Friday, March 28, 2008

Living the Sped-Up Life? Use Classical Music to Slow Down

I saw an article in the USA Today recently that in a weird way explains precisely why I started this classical music blog.

Let me share a few choice quotes:

“Don't have time to read all those magazines you subscribe to? Not a problem. A new website called Brijit offers one-paragraph summaries of even the most complex and deeply researched tomes.”

“Speed dating too slow? Speed dispatches with the in-person part of the encounter and sets strangers up for three-minute rounds of e-mailing or instant messaging. ‘We found that people think filling out long forms for most dating sites is too time-consuming,’ says co-founder Dan Abelon. ‘Our goal is to get people together, but even faster than before.’”

“Take Irit Epelbaum. Compared with the laid-back pace of her native Bolivia, her rapid-fire Silicon Valley lifestyle is the stuff of madness. But by our time-crunched standards, she's family. ‘I drop off my laundry on the way out the door, I listen to Portuguese language tapes during my commute, I exercise at lunch if I can, and I eat at my desk.’ No wonder Epelbaum, 28, was intrigued by Though the service didn't yield a boyfriend, it did fit neatly into her schedule.”

People who live this way (and at times I include myself in this group) tend to confuse the idea of doing something faster with doing something better.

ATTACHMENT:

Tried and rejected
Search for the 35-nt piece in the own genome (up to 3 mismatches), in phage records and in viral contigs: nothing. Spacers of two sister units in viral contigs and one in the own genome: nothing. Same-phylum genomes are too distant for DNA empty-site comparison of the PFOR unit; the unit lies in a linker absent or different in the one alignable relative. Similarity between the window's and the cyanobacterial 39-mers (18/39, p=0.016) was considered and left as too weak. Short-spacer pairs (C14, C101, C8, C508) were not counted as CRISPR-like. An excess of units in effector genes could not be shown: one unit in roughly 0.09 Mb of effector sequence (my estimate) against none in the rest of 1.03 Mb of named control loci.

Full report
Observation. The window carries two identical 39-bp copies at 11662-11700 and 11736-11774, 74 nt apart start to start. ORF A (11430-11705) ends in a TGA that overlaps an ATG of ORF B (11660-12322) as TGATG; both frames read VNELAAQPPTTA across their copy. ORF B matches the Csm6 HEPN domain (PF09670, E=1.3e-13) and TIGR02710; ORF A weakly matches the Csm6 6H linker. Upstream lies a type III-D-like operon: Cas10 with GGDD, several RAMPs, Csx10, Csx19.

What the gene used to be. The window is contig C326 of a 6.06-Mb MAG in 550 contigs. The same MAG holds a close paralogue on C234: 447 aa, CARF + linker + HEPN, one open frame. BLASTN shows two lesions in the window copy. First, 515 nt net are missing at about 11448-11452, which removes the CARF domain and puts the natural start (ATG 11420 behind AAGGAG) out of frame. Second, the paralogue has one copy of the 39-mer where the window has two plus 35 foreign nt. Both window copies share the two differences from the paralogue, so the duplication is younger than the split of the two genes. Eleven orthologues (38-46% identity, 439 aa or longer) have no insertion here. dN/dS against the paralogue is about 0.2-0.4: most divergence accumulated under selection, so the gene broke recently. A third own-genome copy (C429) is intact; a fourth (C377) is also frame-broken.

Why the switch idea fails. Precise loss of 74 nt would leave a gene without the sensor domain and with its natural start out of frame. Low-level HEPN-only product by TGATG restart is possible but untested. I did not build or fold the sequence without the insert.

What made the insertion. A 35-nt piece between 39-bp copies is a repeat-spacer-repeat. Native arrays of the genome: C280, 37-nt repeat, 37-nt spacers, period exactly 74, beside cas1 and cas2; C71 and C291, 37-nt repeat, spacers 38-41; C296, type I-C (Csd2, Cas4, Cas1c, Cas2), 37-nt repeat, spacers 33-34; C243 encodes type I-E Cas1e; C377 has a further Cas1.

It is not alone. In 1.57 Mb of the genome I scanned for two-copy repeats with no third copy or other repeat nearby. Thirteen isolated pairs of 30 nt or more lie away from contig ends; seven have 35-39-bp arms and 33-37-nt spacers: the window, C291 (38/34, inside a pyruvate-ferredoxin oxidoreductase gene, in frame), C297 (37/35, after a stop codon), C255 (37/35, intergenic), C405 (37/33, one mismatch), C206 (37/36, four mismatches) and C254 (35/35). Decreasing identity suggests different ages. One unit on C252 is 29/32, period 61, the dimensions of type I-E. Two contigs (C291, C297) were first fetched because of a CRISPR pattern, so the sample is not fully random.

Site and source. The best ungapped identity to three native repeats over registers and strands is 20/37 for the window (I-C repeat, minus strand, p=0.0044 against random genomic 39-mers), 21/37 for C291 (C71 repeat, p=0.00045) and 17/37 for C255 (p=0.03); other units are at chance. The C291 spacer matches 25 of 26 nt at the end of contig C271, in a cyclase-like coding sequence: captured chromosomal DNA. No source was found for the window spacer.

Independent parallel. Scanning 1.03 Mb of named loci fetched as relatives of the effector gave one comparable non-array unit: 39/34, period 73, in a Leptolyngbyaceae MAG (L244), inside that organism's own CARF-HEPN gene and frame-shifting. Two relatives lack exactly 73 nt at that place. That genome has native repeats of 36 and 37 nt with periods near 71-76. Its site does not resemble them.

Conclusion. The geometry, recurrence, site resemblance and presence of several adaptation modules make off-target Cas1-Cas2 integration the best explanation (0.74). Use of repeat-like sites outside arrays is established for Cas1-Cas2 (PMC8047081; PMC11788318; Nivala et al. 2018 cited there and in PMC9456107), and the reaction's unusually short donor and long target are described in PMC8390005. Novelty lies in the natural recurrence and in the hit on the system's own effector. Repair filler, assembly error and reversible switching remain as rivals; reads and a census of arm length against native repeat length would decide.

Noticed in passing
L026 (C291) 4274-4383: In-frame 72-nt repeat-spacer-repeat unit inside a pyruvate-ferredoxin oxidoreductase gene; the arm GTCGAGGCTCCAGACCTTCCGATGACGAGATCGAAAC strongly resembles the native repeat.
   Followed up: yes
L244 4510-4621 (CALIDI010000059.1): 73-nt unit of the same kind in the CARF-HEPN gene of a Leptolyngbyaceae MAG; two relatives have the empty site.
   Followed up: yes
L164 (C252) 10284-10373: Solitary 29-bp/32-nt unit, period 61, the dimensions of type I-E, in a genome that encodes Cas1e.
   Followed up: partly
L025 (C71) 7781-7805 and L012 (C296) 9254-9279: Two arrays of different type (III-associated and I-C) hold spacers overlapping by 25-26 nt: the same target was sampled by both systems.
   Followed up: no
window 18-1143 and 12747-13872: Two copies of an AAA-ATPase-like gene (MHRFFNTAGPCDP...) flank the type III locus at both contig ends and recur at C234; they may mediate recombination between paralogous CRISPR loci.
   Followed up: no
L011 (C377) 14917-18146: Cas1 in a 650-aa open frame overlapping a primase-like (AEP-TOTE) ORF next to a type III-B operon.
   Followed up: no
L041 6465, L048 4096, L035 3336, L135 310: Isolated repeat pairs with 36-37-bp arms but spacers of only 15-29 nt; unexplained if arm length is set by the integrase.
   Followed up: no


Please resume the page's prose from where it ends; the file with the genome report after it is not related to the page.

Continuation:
I had a boss once tell me that it had been years since he had actually read a book. Frankly, it showed in his investment decisions, and in how consensus-driven and fundamentally uncreative his thinking was. He was too busy, naturally! Of course you can also waste a lot of time reading hundreds of one-paragraph "executive summaries" of things that help you arrive at an utterly consensus view. Or doing hyper-speed-dating that doesn't “yield” a boyfriend.

Which brings me to classical music.

The thing about classical music is you can't boil it down into a one-paragraph summary. You have to invest the time to listen to it. You have to sit there and concentrate. It’s like lifting weights for your attention span.

And I'm all too aware of how--over 12 years of a high-energy, low-free-time career--an amazing collection of classical music sat on my shelves, ignored, unlistened to and wasted. I just never chose to make the time to listen to it.

That changes this year with this blog.

1 comment:

Barbara said...

Beautiful Music in a Spectacular Club Setting in New York
Ossia Symphony Orchestra will join in the celebration of the 80th birthday of Composer Andre Previn with an all-Previn program on May 26th at (Le) Poisson Rouge, 158 Bleeker Street. This will be the second concert in the OSO’s 2008/2009 season and the one of the only all-Previn program in the NY celebration. Violinist, Lara St. John and soprano, Heather Buck, will be the guest artists for this celebration of the Oscar-winning composer’s career.

The mission of the OSO is to provide professional musicians and students with funding that will assist in paying tuition fees and loans. In addition, renowned guest artists perform with Ossia in venues throughout the USA. In this way, Ossia enables our most talented musicians to focus on their artistic careers. Audiences will have the opportunity to experience the artistry of some of our most talented musicians. OSO is the only orchestra to provide such scholarships.